Perhaps that is the wrong question. Perhaps the question is what do I do with the followers that we already have? I am not sure that a great leader goes out to amass followers. At least not a leader that I want to follow. I think the truly great leaders attract followers organically. We are drawn to these kinds of leaders through their charisma or their message. Following this line of thought reminds me of another saying that I find apropos. The one who would aspire to be the President of the United States is probably not worthy of the office. I know that is an overly simplistic statement. But, given the election cycle in which we find ourselves, the parallel is painfully obvious.

What should I do?

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Be a Better Follower in 2016

Step Two for 2016

Resolution #2

Well, here is part 2 of this quick 4 part series on resolutions that every leader should make as they start the new year. On Monday, I dealt with the importance of being a better leader. And I included some specific resources that will help you along he way.

Now it is time to consider the next step in the 4 part process.

Resolve This Year To Be A Better Follower 

This one is not so obvious. And this one is one that is also considered to be a sign of weakness by some leaders. Those leaders are often more about power and control and less about true leadership. And to them, anything that resembles being a follower makes them feel somehow weaker as a leader. Sadly, they are seriously mistaken.

Every great leader is not a great leader alone. Every great leader has someone that they are following. They look up to someone, they admire someone, they are imitating someone, or they are in some form of mentoring relationship with someone else. These leaders recognize the importance of having someone with experience and in whom they have great faith speak truth into their lives and hold them accountable for their actions that they take. Never allow yourself to begin to think that you are beyond the need to be a follower.

So, resolve this year to become a better follower. This sends a very strong signal to our followers regarding how important being a follower is to our own ability to lead, and by association, how important it is to their ability to lead.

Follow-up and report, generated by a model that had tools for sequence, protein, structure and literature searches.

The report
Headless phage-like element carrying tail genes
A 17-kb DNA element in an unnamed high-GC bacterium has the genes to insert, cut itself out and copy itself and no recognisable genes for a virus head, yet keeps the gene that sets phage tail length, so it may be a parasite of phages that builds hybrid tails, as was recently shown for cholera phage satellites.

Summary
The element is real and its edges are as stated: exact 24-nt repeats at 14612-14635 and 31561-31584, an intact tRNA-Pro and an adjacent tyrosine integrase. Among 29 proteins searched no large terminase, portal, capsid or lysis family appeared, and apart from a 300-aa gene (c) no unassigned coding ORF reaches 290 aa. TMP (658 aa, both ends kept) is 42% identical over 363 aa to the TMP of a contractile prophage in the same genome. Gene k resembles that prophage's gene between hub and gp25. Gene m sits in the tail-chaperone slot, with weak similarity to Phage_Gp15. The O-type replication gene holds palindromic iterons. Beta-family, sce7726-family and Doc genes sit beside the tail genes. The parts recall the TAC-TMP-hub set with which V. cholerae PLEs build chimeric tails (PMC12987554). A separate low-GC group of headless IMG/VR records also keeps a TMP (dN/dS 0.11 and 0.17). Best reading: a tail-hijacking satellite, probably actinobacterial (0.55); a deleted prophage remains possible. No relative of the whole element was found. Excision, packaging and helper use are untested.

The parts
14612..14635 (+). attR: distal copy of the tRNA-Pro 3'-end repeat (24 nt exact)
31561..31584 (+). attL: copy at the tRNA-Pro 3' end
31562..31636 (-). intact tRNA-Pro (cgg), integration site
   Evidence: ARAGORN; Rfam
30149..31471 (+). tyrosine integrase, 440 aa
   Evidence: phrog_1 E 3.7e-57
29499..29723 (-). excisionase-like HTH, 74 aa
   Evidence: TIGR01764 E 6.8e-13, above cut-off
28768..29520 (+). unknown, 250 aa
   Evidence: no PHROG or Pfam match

Being a follower is often misunderstood. But being a follower is a noble and necessary aspect of our social and family culture. The truth is that we are all followers in some form or fashion. In fact, not everyone is a leader. But everyone is a follower of someone or something. Even it is only following your own destructive desires.

So, how do we become better followers in 2016?

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Why Would Anyone Want To Be Led By You? Or Me?

 

Why Be Led By You - 1The year is nearly over. Many leaders and leadership teams are taking their annual step back to do a deep-dive assessment of their organization’s progress against the goals and objectives of their strategic plans. (What? You don’t do that at your organization?  Maybe that is part of what is holding the organization back.)

As part of your end-of-year strategic progress review, consider including another area of assessment — one that will require a different kind of evaluation and be much more introspective in nature. Why not take some time to also consider how you personally are progressing as a leader? After all, an organization’s strategic performance is, in large part, a direct reflection of the effectiveness of the person at the top.

If you want to silence a room of pastors, executives, or any group of leaders try this small trick. Ask them, “Why would anyone want to be led by you?”

Without fail the response will most likely be a sudden, stunned hush. All you will hear are knees knocking and crickets chirping.

Click here to read the rest of the article »